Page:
Edit image link: 

https://aaf1a18515da0e792f78-c27fdabe952dfc357fe25ebf5c8897ee.ssl.cf5.rackcdn.com/1887/Map_Gauge_MediumRisk.png?v=1565113754000

Edit description:

Nova Scotia has a list of animals not allowed as pets and a list of animals permitted to be kept as pets. However many of the animals permitted as pets are wild animals and can suffer in captivity as well as pose environmental issues.


Edit image link: 

https://aaf1a18515da0e792f78-c27fdabe952dfc357fe25ebf5c8897ee.ssl.cf5.rackcdn.com/1887/Map_Gauge_QUE.png?v=1565113762000

Edit description:

Northwest Territories laws do not specifically address wild animal ownership. While some animals are prohibited to keep, such as bats, goats, sheep and llamas, there is no specific guidance about what wild animals are banned or allowed. This means animals such as tigers, cobras and alligators are legally allowed to be owned as pets at a territorial level.


Edit image link: 

https://aaf1a18515da0e792f78-c27fdabe952dfc357fe25ebf5c8897ee.ssl.cf5.rackcdn.com/1887/Map_GaugeHighRisk.png?v=1565113593000

Edit description:

Nunavut's laws don't specifically regulate wild animal ownership. While there are laws restricting the importation of wild animals, there are big exceptions with the territory allowing all pet reptiles and birds to be imported. This means that there are no territorial laws preventing a range of dangerous reptiles such as boa constrictors and crocodiles to be owned as pets.


Edit image link: 

https://aaf1a18515da0e792f78-c27fdabe952dfc357fe25ebf5c8897ee.ssl.cf5.rackcdn.com/1887/Map_GaugeHighRisk.png?v=1565113593000

Edit description:

While Ontario restricts the ownership of native wild animals, the province's laws do currently not address exotic wild animal ownership. This might change, a recent introduced bill is calling for restrictions and prohibitions of animals in Ontario. The revision of the existing laws is an opportunity for Ontario to adapt the best-practice positive list approach.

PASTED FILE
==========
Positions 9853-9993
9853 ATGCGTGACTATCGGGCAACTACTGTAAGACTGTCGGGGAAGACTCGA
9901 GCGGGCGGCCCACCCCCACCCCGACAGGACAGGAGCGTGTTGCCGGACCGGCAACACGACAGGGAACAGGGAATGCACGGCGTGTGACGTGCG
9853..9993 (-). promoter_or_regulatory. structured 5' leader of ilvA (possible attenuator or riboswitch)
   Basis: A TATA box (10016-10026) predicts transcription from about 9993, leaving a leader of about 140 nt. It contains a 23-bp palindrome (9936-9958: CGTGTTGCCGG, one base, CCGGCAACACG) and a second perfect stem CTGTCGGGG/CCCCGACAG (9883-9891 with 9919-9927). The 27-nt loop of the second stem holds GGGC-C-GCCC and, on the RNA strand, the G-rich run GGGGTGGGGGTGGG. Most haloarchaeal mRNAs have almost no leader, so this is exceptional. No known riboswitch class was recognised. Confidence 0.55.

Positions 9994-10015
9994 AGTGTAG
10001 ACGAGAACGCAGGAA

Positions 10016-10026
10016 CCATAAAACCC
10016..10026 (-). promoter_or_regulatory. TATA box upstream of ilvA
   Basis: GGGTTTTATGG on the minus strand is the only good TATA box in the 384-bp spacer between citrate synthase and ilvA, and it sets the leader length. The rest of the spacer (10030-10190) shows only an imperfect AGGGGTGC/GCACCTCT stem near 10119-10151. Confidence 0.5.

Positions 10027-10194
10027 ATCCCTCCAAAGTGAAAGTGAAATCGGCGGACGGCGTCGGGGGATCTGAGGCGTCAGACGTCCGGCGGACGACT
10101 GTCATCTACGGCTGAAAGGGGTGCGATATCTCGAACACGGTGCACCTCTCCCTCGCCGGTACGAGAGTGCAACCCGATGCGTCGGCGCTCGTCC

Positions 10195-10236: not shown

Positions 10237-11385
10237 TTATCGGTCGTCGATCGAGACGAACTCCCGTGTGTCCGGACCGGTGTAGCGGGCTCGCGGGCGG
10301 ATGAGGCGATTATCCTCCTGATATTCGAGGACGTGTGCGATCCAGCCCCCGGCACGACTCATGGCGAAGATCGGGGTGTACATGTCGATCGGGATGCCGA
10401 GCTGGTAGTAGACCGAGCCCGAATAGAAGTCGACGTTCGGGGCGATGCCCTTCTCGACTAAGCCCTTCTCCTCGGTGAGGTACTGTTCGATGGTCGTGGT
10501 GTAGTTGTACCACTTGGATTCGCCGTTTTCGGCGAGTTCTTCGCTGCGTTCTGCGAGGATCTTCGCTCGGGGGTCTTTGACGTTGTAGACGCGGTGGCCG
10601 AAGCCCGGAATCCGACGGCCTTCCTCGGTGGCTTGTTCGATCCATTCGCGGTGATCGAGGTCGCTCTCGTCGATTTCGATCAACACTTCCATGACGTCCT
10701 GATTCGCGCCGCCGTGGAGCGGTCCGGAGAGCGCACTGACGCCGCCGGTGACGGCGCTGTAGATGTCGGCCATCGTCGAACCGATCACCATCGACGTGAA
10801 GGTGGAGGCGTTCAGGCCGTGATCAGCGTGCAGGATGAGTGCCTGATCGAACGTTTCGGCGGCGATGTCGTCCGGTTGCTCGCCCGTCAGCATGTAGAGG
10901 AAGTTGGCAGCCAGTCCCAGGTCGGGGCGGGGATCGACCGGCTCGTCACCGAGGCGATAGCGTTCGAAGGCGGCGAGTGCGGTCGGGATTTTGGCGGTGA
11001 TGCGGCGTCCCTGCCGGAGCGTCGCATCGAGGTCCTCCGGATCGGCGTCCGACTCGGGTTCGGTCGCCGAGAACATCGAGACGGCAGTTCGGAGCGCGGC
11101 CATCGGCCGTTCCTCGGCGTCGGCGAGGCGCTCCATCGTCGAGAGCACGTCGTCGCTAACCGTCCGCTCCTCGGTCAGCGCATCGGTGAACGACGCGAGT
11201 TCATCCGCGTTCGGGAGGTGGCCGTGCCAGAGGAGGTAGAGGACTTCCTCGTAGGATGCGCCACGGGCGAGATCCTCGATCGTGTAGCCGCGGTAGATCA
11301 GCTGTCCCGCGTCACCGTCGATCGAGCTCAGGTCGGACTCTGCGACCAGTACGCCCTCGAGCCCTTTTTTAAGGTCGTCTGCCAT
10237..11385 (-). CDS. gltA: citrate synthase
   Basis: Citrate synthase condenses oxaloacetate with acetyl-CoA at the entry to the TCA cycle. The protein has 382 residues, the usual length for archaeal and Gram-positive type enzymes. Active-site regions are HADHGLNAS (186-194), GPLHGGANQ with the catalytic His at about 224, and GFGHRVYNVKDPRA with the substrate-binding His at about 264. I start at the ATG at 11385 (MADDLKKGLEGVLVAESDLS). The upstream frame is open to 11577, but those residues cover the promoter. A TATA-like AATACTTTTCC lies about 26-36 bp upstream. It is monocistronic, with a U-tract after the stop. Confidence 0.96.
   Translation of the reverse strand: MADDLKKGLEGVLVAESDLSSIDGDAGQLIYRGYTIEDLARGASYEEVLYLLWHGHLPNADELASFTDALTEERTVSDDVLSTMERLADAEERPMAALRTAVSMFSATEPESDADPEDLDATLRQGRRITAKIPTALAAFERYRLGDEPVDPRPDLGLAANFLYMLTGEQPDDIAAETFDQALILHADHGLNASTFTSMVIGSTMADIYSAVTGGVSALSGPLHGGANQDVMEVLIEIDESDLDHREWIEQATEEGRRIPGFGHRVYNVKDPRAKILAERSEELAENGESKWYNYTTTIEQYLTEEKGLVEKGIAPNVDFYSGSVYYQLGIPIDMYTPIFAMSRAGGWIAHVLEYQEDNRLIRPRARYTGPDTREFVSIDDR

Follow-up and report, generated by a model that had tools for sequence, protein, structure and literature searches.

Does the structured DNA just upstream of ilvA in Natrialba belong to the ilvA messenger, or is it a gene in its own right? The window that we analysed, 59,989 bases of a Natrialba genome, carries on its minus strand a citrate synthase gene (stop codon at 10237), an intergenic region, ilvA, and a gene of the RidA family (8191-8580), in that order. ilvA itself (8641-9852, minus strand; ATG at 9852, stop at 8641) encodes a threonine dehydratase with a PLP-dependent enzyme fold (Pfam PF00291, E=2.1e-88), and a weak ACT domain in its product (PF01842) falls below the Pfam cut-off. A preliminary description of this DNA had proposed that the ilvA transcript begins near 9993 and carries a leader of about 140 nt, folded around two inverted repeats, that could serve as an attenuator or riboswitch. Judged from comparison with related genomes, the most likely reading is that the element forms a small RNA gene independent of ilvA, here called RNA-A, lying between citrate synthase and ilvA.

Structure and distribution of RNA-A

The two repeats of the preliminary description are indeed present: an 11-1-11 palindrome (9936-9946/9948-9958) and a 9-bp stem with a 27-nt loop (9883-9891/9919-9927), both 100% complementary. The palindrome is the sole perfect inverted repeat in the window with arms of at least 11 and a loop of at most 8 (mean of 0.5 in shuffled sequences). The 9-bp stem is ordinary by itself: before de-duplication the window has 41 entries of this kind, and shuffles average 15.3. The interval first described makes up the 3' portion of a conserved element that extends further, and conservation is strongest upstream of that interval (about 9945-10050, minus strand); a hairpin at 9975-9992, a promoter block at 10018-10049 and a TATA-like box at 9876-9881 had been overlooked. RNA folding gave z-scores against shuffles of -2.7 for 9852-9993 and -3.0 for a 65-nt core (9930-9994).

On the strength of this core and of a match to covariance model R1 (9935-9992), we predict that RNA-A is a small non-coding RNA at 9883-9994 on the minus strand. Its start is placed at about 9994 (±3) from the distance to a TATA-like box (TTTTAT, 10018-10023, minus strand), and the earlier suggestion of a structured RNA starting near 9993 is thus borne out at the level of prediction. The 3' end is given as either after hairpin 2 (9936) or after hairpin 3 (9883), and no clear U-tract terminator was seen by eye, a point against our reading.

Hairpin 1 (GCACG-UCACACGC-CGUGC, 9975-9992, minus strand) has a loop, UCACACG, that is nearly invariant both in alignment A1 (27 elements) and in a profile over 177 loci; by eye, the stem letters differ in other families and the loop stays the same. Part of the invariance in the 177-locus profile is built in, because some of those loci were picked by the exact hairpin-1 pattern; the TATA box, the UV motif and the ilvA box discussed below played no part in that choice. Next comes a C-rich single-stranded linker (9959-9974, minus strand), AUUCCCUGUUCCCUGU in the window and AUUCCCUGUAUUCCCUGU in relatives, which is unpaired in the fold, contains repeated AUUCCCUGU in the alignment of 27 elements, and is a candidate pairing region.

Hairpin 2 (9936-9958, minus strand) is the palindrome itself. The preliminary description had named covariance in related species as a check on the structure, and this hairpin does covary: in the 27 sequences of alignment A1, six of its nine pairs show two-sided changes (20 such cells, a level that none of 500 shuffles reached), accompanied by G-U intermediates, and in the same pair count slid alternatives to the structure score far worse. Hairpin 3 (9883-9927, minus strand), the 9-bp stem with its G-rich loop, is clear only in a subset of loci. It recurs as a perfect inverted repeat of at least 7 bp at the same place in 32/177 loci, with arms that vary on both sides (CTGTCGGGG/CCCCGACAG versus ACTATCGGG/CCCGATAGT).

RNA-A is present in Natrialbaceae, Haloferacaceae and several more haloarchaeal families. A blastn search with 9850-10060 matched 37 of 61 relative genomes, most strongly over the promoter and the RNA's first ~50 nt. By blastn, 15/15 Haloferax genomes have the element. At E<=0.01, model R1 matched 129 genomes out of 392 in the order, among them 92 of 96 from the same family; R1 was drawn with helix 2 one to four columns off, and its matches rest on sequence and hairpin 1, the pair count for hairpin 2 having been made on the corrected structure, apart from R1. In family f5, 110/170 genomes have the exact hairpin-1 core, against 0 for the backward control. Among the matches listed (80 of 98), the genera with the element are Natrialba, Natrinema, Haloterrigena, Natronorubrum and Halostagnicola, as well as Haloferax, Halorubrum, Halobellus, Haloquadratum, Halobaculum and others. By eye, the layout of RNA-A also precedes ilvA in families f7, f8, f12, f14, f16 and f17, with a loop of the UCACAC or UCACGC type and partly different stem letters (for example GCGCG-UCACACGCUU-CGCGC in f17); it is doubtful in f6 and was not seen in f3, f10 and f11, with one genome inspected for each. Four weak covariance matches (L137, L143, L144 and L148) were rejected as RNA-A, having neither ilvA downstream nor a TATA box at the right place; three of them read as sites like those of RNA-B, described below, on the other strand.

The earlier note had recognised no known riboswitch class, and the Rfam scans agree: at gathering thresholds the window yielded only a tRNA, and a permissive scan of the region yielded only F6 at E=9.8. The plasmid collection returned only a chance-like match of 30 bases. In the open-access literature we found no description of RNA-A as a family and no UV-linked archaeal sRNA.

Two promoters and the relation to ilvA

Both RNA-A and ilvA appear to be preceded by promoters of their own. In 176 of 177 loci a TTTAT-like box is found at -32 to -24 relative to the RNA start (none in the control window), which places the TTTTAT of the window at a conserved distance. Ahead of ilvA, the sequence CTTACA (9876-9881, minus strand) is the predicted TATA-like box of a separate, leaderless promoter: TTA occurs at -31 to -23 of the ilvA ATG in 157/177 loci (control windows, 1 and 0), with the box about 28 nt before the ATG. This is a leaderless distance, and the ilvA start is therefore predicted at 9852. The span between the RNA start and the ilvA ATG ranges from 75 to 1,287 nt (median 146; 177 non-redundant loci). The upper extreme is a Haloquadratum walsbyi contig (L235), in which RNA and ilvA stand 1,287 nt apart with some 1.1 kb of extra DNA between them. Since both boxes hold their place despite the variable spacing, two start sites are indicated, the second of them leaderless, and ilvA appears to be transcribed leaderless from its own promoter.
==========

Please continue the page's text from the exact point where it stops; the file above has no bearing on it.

Edit image link: 

https://aaf1a18515da0e792f78-c27fdabe952dfc357fe25ebf5c8897ee.ssl.cf5.rackcdn.com/1887/Map_GaugeHighRisk.png?v=1565113593000

Edit description:

Prince Edward Island has some of the toughest wild animal ownership laws in the country. No wild animal can be kept as a pet without a licence. In addition, there is a list of banned animals for which a licence will not be given. Prince Edward Island is also one of the few provinces that considers animal welfare in the development of its wild animal ownership laws.


Edit image link: 

https://aaf1a18515da0e792f78-c27fdabe952dfc357fe25ebf5c8897ee.ssl.cf5.rackcdn.com/1887/Map_Gauge_PEI.png?v=1565113760000

Edit description:

Quebec has recently updated its wild animal ownership laws and has a list of animals that are restricted to be kept as pets. However, the province allows far more animals than it prohibits and these updated laws still allow for a range of wild animals to be kept as pets despite the evidence highlighting that these animals suffer in captivity.


Edit image link: 

https://aaf1a18515da0e792f78-c27fdabe952dfc357fe25ebf5c8897ee.ssl.cf5.rackcdn.com/1887/Map_Gauge_MediumRisk.png?v=1565113754000

Edit description:

Wild animal ownership laws under review - take action now. Saskatchewan is one of the few provinces that follows the best-practice approach to regulating wild animal ownership by listing the animals permitted to be kept as pets. However the list of permitted animals is broad, including all snakes other than venomous or constrictor snakes and a range of birds and amphibians. Saskatchewan is currently reviewing their laws after releasing a public survey on the issue in 2017.


Edit image link: 

https://aaf1a18515da0e792f78-c27fdabe952dfc357fe25ebf5c8897ee.ssl.cf5.rackcdn.com/1887/Map_Gauge_LowRisk.png?v=1565113752000

Edit description:

Yukon's laws do not allow any wild animals to be owned as a pet without a licence. However it does allow many domestic animals to be owned as pets and many of the 'domestic' animals listed are actually wild animals, including sugar gliders and a number of reptiles and birds.


Edit image link: 

https://aaf1a18515da0e792f78-c27fdabe952dfc357fe25ebf5c8897ee.ssl.cf5.rackcdn.com/1887/Map_Gauge_MediumRisk.png?v=1565113754000